A Look Inside the Average 401(k) Plan: How Your Plan Compares
As an employer, you face a challenge: attracting and retaining the right talent is necessary to drive your business forward. At the same time, you likely feel a responsibility to help your employees achieve retirement financially prepared. Your 401(k) plan can help manage both of these goals.
Keeping an eye on the latest trends and tactics in the 401(k) arena is one way you can keep your plan competitive. Let’s take a peek into defined contribution plan design and activities across a wide variety of industries and company sizes, with data drawn from a recent survey.
In 2016, 84.9% of participants made contributions to their plans, up from 81.9% in the prior year. Lower-paid participants (as determined by the plan’s ADP test) contributed to their plan an average of 6.1% of their pre-tax pay. Higher-paid participants contributed more, at 7.0% of their pre-tax pay on average.
Company contributions have shown a relatively steady increase over time, since dropping to 3.5% of payroll in 2010. In 2015, company contributions amounted to 4.7% of payroll, rising to 4.8% in 2016.1 Just 5.6% of companies participating in the survey did not make contributions to the plan, 82% made matching contributions and 45.4% made non-matching contributions. For companies whose match is a fixed percentage, 41.3% match $.50 for each dollar contributed by the participant, up to the first 6% of pay. A further 31.8% of these employers match participant deferrals dollar-for-dollar up to 6% of pay.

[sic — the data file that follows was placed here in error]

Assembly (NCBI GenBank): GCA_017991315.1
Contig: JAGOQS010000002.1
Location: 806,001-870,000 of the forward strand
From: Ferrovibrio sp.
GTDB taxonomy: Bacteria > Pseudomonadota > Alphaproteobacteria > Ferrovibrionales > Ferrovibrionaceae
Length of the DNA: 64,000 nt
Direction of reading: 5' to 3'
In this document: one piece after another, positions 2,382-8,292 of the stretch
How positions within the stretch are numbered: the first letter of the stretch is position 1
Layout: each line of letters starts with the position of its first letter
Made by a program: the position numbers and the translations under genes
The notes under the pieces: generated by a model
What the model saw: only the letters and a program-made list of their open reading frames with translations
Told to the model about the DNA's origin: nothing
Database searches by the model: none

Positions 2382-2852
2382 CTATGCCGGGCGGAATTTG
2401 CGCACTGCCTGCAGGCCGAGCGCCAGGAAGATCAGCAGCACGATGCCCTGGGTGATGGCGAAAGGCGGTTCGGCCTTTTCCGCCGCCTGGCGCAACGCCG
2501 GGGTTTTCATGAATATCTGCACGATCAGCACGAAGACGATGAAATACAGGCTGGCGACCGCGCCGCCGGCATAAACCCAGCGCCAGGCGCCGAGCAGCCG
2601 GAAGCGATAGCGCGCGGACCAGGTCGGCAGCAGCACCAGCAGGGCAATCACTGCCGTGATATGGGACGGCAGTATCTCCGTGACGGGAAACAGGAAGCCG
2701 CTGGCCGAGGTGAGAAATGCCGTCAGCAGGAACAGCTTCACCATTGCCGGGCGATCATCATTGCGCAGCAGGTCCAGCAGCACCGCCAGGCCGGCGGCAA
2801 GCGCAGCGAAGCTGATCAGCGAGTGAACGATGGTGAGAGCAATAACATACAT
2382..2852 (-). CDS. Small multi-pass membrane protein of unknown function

Just where is the money going? Plans continue to offer between 17 and 19 investment options for company contributions, and between 18 and 20 for participant contributions, figures which have remained relatively steady for the last 10 years. Most frequently, assets in 2016 were invested in actively managed domestic equity funds, with 22.9% of assets directed there. Target-date funds (TDFs) were the investment of choice for 22.2% of assets, followed by indexed domestic equity funds at 13.5% and stable value funds with 8.1% of assets.
Almost 40% of the surveyed plans offered a professionally managed portfolio to participants. Seventy percent of plans use a Qualified Default Investment Alternative, or QDIA, which for 77.5% of them is a TDF.
Target-date funds continue to increase in both availability and usage. Compared to 2007, availability of TDFs rose from 44.4%, reaching 73.1% in 2016. Average allocation was just 6.4% in 2007, compared to 22.2% by 2016.
You can read more about 2016 trends in defined contribution plan in the PSCA’s Annual Survey of Profit Sharing and 401(k) Plans, 60th Annual Survey, available for purchase online at psca.org.
1 Figures include 401(k) plans and profit sharing plans of surveyed employers.